As we’ve already taken plastic out of periods since Ruby Cup’s launch more than a decade ago, we’re this Plastic Free July exploring other ways to avoid plastic. Last week, we launched an article on how you can use your menstrual blood as a zero waste plant fertilizer providing your plants with phosphorus, potassium and nitrogen. This week the time has come to looking into making our own water-based lubricant as a zero waste alternative to store-bought lubes in plastic tubes.
If you are new to menstrual cups and plastic free periods and above all, if you have never had penetrative sex or inserted anything into your vagina, you might want to have some lube around the first time you insert your cup. You’ll potentially have to move the cup around a bit and try inserting it several times and experiment towards finding its proper placement in the lower part of your vaginal canal. This can all be easier if your vaginal area is a bit moist. In order to have a smooth first-time experience with a menstrual cup, simply apply a bit of water-based lube to the rim of the cup right before insertion.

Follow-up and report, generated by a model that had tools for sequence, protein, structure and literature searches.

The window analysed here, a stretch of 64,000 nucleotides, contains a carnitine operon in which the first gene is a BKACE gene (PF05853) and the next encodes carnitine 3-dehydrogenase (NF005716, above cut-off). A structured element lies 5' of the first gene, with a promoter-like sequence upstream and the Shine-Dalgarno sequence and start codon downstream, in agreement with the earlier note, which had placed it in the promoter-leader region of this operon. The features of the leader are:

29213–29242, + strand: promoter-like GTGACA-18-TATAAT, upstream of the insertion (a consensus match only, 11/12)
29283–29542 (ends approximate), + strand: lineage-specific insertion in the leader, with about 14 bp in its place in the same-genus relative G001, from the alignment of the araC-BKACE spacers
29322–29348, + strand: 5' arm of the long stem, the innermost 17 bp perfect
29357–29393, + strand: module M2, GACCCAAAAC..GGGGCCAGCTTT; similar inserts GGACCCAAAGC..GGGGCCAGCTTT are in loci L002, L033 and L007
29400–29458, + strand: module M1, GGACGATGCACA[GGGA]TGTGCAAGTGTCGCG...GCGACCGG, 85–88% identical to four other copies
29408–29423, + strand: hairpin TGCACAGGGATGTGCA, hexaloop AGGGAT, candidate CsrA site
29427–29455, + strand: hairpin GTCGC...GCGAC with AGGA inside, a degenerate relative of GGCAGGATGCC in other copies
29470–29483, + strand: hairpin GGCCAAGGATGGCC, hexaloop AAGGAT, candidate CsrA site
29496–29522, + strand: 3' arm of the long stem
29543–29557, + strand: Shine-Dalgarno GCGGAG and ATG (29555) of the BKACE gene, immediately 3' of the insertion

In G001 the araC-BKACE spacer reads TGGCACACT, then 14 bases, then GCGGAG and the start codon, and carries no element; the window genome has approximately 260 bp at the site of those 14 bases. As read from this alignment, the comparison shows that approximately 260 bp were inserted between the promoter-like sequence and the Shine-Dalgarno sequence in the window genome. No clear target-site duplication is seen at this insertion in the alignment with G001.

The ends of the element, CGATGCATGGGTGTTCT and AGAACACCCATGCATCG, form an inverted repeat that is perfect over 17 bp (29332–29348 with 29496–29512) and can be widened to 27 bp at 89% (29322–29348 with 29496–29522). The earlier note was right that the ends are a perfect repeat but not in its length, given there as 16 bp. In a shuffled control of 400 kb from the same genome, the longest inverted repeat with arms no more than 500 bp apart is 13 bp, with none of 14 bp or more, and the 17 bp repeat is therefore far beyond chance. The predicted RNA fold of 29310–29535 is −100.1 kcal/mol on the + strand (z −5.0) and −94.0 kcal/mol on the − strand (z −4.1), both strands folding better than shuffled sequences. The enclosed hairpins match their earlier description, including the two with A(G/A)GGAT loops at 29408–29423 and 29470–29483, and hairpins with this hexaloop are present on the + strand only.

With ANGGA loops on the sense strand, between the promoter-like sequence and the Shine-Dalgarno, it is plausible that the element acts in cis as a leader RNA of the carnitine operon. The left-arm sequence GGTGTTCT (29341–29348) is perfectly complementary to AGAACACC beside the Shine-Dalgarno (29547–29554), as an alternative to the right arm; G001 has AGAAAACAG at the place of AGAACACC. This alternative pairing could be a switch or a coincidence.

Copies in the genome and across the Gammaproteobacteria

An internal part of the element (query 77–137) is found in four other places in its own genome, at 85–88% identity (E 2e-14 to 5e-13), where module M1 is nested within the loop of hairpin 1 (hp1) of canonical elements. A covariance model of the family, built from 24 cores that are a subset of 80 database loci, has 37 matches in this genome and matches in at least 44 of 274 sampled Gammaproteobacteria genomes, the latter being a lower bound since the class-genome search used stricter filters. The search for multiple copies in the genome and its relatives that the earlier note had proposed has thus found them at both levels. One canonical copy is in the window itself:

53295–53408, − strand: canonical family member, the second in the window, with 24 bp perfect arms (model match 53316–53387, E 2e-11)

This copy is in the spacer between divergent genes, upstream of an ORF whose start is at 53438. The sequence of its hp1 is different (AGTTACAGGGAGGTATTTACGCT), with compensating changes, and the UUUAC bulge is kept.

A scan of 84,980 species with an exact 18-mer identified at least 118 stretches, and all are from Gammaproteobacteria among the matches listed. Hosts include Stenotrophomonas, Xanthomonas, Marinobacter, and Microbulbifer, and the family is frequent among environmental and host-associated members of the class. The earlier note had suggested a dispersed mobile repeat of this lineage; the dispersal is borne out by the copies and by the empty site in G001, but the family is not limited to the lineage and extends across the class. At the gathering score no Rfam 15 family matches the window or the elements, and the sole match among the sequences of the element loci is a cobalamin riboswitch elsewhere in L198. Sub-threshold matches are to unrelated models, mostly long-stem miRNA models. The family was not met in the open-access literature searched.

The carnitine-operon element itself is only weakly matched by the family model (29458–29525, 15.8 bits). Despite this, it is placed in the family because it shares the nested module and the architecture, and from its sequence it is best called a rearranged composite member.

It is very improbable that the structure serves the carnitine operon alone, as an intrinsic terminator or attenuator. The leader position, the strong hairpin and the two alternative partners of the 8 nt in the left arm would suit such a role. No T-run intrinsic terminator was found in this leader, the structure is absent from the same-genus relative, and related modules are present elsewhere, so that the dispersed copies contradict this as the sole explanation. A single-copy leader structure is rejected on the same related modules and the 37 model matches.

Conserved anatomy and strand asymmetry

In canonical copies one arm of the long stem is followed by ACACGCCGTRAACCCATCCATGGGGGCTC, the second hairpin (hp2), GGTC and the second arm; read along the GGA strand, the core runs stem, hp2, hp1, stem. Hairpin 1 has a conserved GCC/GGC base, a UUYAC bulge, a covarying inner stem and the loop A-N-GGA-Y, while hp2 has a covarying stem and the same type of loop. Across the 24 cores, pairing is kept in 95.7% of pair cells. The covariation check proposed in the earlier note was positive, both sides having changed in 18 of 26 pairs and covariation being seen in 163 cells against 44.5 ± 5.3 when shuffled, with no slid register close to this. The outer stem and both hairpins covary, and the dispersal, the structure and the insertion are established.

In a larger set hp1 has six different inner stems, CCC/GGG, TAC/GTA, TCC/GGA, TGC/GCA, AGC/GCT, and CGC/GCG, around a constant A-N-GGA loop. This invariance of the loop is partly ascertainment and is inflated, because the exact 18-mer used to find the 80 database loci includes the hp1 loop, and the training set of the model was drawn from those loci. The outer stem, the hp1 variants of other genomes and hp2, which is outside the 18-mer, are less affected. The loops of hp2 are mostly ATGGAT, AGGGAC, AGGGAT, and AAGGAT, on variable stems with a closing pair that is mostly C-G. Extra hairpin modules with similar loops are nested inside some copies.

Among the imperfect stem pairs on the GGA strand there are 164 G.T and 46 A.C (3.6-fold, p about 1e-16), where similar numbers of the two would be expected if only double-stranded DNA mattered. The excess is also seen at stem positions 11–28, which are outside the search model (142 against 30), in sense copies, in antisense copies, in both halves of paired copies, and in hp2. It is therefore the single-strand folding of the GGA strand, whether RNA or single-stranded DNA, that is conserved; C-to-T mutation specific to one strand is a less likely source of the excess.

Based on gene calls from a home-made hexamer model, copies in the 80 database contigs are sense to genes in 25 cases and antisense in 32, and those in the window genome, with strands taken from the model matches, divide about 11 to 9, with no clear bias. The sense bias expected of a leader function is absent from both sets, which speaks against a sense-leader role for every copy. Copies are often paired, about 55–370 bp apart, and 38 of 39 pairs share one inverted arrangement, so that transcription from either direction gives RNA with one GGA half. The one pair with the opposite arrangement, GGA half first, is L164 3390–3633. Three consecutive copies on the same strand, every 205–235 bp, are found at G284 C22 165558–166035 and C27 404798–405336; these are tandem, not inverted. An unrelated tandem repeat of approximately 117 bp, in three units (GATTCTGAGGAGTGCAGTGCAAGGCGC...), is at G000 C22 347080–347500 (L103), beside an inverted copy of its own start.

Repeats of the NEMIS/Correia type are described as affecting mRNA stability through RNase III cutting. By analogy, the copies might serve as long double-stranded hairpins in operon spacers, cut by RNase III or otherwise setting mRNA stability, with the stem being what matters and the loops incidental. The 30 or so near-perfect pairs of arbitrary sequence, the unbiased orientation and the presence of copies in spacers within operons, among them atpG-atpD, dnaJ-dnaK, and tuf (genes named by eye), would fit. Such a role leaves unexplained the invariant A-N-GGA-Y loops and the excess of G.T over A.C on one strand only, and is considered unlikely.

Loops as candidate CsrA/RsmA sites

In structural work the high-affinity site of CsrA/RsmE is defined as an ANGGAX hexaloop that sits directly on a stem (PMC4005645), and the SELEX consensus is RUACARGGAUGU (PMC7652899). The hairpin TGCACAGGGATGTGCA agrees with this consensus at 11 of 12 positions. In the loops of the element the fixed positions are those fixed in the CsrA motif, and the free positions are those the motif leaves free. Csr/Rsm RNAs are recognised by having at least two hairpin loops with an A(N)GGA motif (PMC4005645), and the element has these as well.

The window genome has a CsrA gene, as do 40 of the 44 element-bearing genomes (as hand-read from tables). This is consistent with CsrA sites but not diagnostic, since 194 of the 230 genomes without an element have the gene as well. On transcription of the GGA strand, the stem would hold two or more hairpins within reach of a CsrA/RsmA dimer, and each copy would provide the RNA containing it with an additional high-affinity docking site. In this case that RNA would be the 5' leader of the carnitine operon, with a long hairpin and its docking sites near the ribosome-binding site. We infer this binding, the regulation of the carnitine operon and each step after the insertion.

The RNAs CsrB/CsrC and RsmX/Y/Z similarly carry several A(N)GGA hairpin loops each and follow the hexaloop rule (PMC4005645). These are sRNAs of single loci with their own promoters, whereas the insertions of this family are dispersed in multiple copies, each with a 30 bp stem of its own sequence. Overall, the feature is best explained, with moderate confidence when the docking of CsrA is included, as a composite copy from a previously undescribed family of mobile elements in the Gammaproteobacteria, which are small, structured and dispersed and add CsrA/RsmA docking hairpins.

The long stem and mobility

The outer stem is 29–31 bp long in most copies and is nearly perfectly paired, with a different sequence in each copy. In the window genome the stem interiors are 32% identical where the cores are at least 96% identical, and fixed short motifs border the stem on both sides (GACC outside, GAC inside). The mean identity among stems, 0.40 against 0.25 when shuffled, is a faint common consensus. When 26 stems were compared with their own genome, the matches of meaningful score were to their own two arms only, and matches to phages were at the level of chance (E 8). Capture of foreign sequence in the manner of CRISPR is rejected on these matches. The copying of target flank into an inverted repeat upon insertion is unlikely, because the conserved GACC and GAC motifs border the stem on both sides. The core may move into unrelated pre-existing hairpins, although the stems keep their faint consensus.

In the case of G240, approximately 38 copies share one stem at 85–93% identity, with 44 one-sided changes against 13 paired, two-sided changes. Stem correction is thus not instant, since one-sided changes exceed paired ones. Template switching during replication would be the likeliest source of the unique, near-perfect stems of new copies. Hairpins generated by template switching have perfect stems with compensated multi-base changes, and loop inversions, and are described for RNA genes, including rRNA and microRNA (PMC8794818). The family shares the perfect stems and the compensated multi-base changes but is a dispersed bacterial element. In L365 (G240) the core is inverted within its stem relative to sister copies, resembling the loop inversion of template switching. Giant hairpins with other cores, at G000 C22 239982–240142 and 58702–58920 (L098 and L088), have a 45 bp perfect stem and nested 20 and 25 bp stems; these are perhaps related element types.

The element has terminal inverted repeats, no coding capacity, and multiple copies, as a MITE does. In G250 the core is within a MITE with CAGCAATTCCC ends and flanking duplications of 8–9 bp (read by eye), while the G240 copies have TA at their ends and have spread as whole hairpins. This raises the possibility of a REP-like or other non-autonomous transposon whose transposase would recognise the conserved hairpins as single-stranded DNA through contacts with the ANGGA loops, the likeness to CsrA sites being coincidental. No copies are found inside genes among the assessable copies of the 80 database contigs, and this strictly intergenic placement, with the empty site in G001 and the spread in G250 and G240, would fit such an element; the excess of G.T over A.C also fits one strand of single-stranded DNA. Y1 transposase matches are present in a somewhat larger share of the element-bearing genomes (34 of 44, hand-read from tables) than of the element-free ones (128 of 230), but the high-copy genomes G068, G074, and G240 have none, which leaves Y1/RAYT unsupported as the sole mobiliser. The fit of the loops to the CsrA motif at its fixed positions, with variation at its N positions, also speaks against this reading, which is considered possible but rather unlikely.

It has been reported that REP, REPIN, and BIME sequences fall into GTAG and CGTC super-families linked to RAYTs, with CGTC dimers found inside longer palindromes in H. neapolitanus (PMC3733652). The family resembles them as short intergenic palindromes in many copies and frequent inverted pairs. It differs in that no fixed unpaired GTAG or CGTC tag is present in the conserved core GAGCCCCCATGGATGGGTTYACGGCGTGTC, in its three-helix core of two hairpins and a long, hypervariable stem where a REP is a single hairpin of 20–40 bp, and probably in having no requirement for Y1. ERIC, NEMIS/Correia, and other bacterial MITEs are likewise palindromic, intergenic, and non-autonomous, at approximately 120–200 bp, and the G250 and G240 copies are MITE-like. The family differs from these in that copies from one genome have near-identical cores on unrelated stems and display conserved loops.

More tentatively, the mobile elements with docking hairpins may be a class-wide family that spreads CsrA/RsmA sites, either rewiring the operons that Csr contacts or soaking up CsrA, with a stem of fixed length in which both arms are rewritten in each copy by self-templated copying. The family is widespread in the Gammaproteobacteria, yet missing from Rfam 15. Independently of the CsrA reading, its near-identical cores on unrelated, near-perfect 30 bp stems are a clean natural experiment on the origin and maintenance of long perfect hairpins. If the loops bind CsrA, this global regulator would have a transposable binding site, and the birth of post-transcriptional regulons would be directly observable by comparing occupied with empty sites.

Lubricant can also benefit you during sex or masturbation, especially if you experience vaginal dryness. In other words - there are various situations where having some lube handy can be beneficial.
These were our requirements for a good, DIY zero waste lube
More than ready to make and test our own DIY lube, we were scrolling the internet for do’s and don’ts on the outlook for the perfect recipe.
- It had to consist of simple ingredients not wrapped in too much packaging
- It had to be pretty easy to make
- It had to be water-based
- It should (preferably) be cheap to make.
And yes, all of this is possible. Having browsed through various options, we’ve landed at a corn-starch and water-based lube recipe that (in different versions) seems to have already taken parts of the internet by storm. We are probably a bit late to the party. Nevertheless, you could be too, and the zero waste lubricant could be your next DIY game changer.